• coiffure •
kwah-fyur • Hear it!
Part of Speech: Noun
Meaning: Fancy or elaborate hair style.
Notes: A man who creates coiffures is a coiffeur. A female hairdresser would be properly called a coiffeuse. All these words originated as derivations of coif, but this word retained its sense of a skullcap worn under armor or a nun's veil. Coif, however, has become a verb meaning "to arrange someone's hair in a coiffure", though it is rarely used.
In Play: I'm sure this word arose in the mind of today's contributor as a result of the 2016 presidential election: "Mr. Trump has a signature coiffure that he is known for throughout the world." This word today, however, is most often associated with women's hair: "Barbara Seville arrived at the Snow Ball with a coiffure so elaborate that she had difficulty keeping it all atop her head."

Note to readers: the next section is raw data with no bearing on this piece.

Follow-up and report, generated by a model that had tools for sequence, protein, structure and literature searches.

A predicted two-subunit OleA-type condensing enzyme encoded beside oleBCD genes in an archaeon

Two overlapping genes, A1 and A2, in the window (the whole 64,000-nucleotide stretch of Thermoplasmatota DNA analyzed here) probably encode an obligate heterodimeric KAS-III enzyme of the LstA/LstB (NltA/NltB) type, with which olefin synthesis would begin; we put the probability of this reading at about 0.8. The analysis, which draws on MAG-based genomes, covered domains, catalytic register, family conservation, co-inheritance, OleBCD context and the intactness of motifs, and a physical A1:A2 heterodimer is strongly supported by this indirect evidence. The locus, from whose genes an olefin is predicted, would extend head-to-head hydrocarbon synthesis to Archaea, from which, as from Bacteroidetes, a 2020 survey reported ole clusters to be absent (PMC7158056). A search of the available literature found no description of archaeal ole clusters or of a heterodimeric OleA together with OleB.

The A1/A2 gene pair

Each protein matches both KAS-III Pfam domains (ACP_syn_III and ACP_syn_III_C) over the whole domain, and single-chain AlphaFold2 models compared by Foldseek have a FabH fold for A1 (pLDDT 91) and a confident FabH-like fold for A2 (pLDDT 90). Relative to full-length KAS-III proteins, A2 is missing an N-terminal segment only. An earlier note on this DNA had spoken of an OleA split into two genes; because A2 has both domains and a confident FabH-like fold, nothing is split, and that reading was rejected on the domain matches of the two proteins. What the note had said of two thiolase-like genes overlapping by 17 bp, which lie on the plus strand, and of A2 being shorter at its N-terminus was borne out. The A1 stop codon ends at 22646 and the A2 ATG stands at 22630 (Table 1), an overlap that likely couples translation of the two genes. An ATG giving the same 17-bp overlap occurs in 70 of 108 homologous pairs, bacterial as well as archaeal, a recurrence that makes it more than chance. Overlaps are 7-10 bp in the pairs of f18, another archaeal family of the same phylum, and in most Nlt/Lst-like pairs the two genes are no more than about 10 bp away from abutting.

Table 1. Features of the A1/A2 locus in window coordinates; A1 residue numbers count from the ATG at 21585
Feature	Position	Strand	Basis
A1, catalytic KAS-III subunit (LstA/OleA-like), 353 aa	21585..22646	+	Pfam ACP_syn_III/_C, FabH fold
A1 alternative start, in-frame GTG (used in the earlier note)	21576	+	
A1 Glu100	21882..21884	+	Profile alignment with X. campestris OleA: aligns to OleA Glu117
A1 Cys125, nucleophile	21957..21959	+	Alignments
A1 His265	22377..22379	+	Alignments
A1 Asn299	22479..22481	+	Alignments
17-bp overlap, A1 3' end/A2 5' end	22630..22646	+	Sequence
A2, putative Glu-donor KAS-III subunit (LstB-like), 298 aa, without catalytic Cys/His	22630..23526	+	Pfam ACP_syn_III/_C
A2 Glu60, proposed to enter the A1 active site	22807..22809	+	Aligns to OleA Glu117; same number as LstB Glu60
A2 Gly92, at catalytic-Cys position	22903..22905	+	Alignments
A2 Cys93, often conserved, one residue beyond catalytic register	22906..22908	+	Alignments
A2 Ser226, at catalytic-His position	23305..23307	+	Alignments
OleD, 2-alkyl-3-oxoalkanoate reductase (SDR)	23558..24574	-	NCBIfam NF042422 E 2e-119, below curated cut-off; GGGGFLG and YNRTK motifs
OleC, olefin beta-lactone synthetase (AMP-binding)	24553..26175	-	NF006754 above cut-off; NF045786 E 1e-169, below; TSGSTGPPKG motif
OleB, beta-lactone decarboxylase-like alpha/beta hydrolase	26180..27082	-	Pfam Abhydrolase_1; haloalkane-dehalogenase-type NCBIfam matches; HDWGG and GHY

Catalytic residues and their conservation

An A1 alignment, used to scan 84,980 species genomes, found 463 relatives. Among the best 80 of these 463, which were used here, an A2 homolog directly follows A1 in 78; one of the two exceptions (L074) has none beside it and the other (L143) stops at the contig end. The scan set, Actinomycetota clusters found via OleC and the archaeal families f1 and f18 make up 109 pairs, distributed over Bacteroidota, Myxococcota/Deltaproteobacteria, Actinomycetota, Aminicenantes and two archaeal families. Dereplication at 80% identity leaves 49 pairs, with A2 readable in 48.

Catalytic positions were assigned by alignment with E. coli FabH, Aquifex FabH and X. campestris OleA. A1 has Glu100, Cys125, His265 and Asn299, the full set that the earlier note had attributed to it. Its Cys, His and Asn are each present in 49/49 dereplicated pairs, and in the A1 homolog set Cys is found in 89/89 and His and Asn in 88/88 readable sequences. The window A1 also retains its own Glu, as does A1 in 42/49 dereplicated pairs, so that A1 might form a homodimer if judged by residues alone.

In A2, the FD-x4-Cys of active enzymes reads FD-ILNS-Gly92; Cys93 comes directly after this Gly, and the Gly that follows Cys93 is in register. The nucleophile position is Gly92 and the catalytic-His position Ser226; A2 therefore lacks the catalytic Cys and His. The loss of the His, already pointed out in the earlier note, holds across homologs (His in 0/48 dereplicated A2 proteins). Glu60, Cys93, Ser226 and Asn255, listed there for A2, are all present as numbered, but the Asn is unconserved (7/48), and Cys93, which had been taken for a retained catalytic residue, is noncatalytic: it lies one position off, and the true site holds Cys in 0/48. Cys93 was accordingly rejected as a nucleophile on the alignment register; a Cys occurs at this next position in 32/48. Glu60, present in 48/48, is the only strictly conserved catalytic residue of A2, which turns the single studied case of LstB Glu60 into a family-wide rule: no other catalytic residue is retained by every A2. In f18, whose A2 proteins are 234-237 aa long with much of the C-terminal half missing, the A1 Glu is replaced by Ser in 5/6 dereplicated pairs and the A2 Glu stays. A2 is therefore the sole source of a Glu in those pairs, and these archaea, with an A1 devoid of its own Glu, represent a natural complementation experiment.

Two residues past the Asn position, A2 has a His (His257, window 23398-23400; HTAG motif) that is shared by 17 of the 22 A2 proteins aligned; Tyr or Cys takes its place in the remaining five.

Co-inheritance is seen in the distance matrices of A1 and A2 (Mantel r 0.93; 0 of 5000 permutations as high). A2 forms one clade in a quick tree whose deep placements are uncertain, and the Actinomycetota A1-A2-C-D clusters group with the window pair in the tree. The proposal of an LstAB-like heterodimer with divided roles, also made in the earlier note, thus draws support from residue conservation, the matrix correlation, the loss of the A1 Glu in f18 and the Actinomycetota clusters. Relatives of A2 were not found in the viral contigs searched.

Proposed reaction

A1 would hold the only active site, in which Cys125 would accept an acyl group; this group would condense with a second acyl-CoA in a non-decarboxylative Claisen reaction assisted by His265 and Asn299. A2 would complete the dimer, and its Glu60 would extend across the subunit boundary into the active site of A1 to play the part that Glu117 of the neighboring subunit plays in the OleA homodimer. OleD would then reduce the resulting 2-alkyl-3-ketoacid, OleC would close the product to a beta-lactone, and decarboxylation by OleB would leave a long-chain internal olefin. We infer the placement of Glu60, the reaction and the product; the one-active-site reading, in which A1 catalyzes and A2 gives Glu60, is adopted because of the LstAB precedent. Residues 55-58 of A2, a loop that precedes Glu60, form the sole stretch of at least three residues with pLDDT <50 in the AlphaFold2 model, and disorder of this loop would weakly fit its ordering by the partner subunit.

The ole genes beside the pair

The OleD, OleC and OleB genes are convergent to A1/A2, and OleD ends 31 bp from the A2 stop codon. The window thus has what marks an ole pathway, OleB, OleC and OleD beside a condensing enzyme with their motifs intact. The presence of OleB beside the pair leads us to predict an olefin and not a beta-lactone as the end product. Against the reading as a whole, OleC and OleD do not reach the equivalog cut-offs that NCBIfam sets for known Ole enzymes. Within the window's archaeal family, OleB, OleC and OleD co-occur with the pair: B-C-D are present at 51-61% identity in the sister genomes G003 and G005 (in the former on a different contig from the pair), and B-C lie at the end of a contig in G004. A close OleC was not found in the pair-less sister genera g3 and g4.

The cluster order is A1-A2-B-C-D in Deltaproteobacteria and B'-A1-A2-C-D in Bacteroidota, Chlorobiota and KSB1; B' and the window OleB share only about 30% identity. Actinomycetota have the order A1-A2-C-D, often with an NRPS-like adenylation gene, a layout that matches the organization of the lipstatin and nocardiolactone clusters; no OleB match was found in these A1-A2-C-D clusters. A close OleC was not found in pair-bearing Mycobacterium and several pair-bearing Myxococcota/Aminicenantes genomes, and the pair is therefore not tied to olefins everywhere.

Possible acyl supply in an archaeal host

Word History: Today's Good Word originated in French coiffeur "hairdresser", from coiffer "to dress hair". This word, in turn, was built on Old French coife, originally meaning "the inner part of the helmet". This word is based on Old French coife "skull-cap", Modern French coiffe "a kind of hat, a cup", inherited from Late Latin coifa "a cap, hood". This Latin word was also the origin of Italian cuffia "bonnet", Portuguese coifa "hairnet", and Spanish cofia "cap, bonnet". English coif "close-fitting cap" was borrowed from the same word. The Latin word would seem to be of West Germanic origin, perhaps Old High German kupphia or Middle High German kupfe, both of which meant "cap". (William Hupy who, I'm sure, always has enjoyed a lovely head of hair, is due our gratitude for suggesting today's stylishly Good Word.)
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